ENVIRONMENT – Hunter Valley Operations

HVO operates in a responsible and sustainable manner. We strive to always meet stringent environmental and other regulatory conditions.

Monitoring operational impacts

We use a network of monitoring stations to provide real time and static air quality, noise, and meteorological data. Some monitoring stations continuously transmit data to a central database, generating alarms if certain levels are reached.

Data from these stations and Upper Hunter Air Quality Monitoring Network (UHAQMN) regional data help us make good decisions and change our operations when needed. Data from our Cheshunt (HVO South) and Hunter Valley (HVO North) meteorological stations informs our decisions on blasting and dumping operations each day.

HVO noise alarms are at:

  • Jerrys Plains
  • Knodlers Lane
  • Long Point
  • Maison Dieu
  • Moses Crossing

We sample and monitor in accordance with the NSW Environmental Protection Authority’s guidelines. We review and report real-time monitoring data daily and report on static monitoring data and more detailed trend information.

Managing and minimisingoperational impacts

We have plans on how to manage and minimise impacts, including specific plans for noise and dust and air quality, to ensure we don’t exceed specified criteria.

Some of the ways we modify operations include:

  • Re-arranging fleet types
  • Changing haul routes and dump locations
  • Reducing fleet numbers
  • Shutting down tasks or a mine site

Other ways we minimise
operational impacts include:

  • Adjusting mine activity for day and night conditions and modifying or shutting down operations in adverse weather
  • Rehabilitating mined land as soon as possible to reduce exposed areas – stabilising exposed areas Using aerial seeding
  • Using water trucks to dampen haul routes
  • Restricting overburden dumping in dust sensitive areas
  • Automatic water spraying at our hoppers when haul trucks dump their loads
  • Fitting heavy machinery with sound suppressing equipment
  • Covering coal conveyors and keeping stockpiles damp
  • Using quieter equipment in noise sensitive areas
  • Minimising tip heights
  • Educating employees about minimising dust and noise when operating heavy machinery – eg touch loading of trucks to reduce loud bangs on impact
  • Restricting topsoil removal to retain ground moisture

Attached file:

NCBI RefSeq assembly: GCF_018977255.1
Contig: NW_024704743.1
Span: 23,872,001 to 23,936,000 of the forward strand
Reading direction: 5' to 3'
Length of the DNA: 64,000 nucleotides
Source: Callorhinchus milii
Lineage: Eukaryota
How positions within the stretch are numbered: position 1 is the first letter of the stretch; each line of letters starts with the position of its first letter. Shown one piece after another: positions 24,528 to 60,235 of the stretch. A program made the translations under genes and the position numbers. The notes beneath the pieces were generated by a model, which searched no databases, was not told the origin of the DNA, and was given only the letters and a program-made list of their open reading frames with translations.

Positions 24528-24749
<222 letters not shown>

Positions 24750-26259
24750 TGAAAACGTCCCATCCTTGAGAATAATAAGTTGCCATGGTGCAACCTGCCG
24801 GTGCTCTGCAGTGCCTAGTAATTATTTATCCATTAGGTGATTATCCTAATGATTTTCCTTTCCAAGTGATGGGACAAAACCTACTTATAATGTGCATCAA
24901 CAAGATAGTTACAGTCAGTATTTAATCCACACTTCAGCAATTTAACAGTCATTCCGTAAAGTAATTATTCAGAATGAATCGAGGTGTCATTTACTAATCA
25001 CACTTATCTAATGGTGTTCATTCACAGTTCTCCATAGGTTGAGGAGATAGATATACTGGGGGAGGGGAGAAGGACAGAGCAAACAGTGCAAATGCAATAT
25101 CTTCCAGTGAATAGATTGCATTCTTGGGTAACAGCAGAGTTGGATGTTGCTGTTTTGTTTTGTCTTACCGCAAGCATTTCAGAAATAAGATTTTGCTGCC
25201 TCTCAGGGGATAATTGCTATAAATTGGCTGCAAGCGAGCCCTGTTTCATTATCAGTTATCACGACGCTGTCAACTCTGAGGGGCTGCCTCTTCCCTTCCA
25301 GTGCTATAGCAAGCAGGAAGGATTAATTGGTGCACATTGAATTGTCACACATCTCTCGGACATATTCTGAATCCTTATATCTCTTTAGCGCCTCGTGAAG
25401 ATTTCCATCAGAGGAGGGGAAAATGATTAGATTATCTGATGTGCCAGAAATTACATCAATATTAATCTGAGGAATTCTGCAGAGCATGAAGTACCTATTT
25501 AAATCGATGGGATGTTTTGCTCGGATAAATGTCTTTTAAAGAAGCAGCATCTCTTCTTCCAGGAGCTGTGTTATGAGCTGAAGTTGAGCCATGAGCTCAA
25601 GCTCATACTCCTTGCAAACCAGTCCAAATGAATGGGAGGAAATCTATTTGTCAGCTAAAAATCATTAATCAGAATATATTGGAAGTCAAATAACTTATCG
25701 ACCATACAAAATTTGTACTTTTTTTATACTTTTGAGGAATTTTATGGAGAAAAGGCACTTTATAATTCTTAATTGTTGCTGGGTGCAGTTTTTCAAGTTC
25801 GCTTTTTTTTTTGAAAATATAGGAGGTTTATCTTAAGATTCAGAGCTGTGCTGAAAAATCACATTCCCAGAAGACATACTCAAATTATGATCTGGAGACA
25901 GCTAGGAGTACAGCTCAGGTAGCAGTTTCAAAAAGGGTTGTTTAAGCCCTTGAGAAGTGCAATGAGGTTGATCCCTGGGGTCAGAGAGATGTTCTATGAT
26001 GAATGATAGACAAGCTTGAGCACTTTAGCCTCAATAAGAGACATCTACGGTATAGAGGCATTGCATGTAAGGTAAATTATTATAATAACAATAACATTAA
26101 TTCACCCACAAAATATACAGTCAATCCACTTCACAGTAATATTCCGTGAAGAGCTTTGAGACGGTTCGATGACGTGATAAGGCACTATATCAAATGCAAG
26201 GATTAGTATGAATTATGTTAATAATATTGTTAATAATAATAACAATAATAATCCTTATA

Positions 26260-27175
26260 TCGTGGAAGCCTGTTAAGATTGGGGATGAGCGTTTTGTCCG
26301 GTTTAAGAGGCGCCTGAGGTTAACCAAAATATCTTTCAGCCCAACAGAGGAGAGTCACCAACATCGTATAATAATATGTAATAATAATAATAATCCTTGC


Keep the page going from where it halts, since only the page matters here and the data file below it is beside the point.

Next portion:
• Enclosing coal processing areas

Rehabilitation and environmental management

We continually rehabilitate and maintain areas that we have finished mining using aerial seeding. A native woodland seed mix of locally sourced plant species for areas to become habitat for local fauna. A pasture and light woodland mix, suitable for grazing, for areas to be used for agriculture.

Our pest and weed management program – in conjunction with other mines and landholders – helps protect and preserve native flora and fauna.


The NSW Environmental Protection Authority (EPA) regulates environmental and community impacts generated by NSW mine sites, such as dust and noise, through the Protection of the Environment Operations Act 1997 (NSW).

Noise limits applicable to individual private residences are defined in our Planning Approval, which also sets out the requirements for monitoring performance and reporting.

The EPA assesses our compliance against conditions inour Environmental Protection Licence (EPL) and Development Consent.

Specialist consultants routinely undertake monthly compliance assessments on a random basis at locations surrounding HVO. We report the results of compliance monitoring monthly. The HVO Annual Environmental Review summarises compliance monitoring data for the previous year.

Environmental and regulatory plans, reports and approvals:

  • Licences and Approvals
  • Environmental Assessments
  • Management Plans
  • Audit Reports
  • Annual Environmental Reviews
  • Environment Protection Licence (EPL) Monitoring Reports
  • Monthly Environmental Reports
  • Annual Dam Safety Standards Reports
  • EPBC 2016/7640 Compliance Reporting
  • Biodiversity Offsets
  • Dog Leg Fence and Timber BridgeSignificance Assessments